Near where I live is the beginning of a 950km bushwalking track. Recently, I walked parts of The Bibbulmun Track, which is marked by small, yellow, triangular signs depicting a snake, the Waugal. The Waugal is the rainbow serpent of the Aboriginal Dreaming. I was following its well-worn, ever evolving, path. The power of its ancient spirit seeped into me, enticing me, guiding me, and mapping my writing journey.
I began close to the middle. I ventured out, looking for, following, the path of the Waugal. At times I lost my way, I doubted myself. I walked up and back along the same path. Each expedition had me looking anew and noticing new details, spotting previously missed signs left to guide my way.
Gradually I became more adept at knowing when to pause, to look around, and to retrace my steps, when following the elusive path of the Waugal. I was able to walk more intuitively as we became increasingly familiar with each other. I began to trust my step, losing my way less frequently. At times my thoughts and footsteps thundered through the bush and I would stop, put the work aside, and sit in silence.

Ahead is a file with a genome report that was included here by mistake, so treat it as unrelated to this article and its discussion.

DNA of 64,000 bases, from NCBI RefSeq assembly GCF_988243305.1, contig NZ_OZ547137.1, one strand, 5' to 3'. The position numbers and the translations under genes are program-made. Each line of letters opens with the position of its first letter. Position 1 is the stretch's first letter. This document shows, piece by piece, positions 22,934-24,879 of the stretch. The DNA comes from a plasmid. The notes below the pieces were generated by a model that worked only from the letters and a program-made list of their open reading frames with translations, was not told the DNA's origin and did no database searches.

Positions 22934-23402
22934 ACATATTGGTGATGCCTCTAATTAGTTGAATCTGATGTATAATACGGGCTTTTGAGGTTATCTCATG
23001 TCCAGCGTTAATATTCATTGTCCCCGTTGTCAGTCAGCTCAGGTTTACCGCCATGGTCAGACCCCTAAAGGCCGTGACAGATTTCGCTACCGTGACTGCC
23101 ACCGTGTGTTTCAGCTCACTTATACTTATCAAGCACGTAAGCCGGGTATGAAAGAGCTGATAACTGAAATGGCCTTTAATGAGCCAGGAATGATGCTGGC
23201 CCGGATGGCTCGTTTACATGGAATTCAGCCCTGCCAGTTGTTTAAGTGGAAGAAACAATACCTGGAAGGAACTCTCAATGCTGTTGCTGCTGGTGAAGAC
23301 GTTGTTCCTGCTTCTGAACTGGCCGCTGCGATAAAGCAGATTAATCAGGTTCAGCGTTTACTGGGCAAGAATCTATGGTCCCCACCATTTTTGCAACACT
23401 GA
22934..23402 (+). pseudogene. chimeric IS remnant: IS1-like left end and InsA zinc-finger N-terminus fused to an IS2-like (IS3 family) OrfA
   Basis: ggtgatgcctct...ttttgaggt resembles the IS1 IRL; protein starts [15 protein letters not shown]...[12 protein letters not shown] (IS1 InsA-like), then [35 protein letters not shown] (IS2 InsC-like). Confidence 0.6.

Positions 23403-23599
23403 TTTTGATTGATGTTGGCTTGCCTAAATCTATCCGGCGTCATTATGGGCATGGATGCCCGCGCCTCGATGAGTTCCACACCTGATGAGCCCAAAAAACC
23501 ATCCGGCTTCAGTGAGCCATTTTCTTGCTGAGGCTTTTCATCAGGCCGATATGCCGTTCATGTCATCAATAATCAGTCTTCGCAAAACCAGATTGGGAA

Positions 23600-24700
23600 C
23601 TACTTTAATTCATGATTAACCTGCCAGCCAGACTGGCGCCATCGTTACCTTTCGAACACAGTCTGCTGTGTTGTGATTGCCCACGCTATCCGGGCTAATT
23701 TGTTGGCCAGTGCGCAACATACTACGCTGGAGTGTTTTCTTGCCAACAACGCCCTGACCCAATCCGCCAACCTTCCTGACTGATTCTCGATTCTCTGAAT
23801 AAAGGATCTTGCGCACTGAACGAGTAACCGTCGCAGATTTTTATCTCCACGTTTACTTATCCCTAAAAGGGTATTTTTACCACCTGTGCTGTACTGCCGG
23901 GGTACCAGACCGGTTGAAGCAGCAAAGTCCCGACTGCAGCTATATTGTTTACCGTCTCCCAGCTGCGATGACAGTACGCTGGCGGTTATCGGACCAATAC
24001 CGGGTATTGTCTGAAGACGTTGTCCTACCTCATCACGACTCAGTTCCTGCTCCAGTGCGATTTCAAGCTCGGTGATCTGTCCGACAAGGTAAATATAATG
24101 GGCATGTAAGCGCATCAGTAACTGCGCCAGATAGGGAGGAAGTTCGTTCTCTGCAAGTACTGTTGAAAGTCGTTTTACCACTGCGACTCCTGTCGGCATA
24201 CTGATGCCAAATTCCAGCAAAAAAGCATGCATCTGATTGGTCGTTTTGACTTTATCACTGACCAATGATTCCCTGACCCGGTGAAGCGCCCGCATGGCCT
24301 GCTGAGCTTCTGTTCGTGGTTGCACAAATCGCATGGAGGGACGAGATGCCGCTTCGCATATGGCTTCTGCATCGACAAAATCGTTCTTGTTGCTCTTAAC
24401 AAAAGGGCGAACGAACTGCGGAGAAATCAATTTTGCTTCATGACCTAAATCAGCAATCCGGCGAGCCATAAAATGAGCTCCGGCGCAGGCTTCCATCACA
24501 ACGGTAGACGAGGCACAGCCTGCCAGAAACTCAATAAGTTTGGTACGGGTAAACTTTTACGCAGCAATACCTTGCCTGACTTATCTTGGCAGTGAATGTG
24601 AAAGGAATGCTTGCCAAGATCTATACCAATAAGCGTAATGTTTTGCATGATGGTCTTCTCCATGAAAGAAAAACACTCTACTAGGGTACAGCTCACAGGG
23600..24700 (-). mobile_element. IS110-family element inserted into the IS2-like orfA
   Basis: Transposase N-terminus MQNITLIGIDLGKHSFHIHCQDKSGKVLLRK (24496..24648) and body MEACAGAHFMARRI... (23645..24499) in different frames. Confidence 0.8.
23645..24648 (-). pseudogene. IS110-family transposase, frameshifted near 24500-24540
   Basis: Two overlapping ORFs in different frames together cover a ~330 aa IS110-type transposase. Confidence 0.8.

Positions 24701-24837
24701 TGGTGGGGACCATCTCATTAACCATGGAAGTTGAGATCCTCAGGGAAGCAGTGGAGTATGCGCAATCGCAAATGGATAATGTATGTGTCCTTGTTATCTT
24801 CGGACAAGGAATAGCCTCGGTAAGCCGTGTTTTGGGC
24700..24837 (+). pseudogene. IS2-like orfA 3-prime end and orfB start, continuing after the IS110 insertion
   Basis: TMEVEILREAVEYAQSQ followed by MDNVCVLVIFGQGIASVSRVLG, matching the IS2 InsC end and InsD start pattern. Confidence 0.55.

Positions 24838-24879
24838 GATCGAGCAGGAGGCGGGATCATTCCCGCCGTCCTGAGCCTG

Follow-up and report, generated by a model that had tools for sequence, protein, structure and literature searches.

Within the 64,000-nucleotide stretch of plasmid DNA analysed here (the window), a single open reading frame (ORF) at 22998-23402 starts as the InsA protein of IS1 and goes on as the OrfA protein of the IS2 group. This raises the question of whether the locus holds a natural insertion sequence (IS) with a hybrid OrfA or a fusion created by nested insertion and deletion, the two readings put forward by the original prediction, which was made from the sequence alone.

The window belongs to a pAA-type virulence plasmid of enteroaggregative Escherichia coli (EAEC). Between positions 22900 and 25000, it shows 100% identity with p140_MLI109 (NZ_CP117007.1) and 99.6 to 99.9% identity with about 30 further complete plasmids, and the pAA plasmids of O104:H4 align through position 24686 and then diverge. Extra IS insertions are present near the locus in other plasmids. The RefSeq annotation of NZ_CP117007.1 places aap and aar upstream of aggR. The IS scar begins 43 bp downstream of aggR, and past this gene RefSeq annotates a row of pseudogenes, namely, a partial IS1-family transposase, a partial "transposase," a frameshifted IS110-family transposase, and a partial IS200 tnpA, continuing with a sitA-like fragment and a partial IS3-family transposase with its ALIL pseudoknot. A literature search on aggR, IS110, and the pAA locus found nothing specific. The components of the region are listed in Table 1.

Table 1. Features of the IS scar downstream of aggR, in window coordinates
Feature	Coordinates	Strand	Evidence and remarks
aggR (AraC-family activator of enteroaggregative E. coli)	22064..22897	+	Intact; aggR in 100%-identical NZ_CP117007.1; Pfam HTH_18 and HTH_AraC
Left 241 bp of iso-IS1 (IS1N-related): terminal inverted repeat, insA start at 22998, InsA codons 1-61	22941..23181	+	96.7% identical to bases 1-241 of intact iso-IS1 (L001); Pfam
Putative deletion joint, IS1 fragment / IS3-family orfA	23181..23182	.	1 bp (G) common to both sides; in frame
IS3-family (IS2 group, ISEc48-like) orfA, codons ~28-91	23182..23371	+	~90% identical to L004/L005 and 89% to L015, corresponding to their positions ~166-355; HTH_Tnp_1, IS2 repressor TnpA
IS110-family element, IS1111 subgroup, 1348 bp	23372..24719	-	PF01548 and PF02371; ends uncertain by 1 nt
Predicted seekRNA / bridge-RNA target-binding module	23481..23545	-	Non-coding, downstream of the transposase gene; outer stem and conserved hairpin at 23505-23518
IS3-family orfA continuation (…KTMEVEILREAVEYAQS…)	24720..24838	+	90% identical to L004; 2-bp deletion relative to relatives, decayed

Like the grammar of English, the track changes. It can be diverted at times due to circumstance. It is a constant learning journey. My first official expedition along the track coincided midway along my first expedition in an official grammar program. Both have, at times, baffled me and left me lost. Both challenge me to follow a well-worn path, yet find my own way, in my own way.
I am not at the beginning; I am not at the end. I will twist and turn, continuing along this winding path. One day I hope to walk its entire length. Then weave my way back, again.
* For more information about The Bibbulmun Track go to http://www.bibbulmuntrack.org.au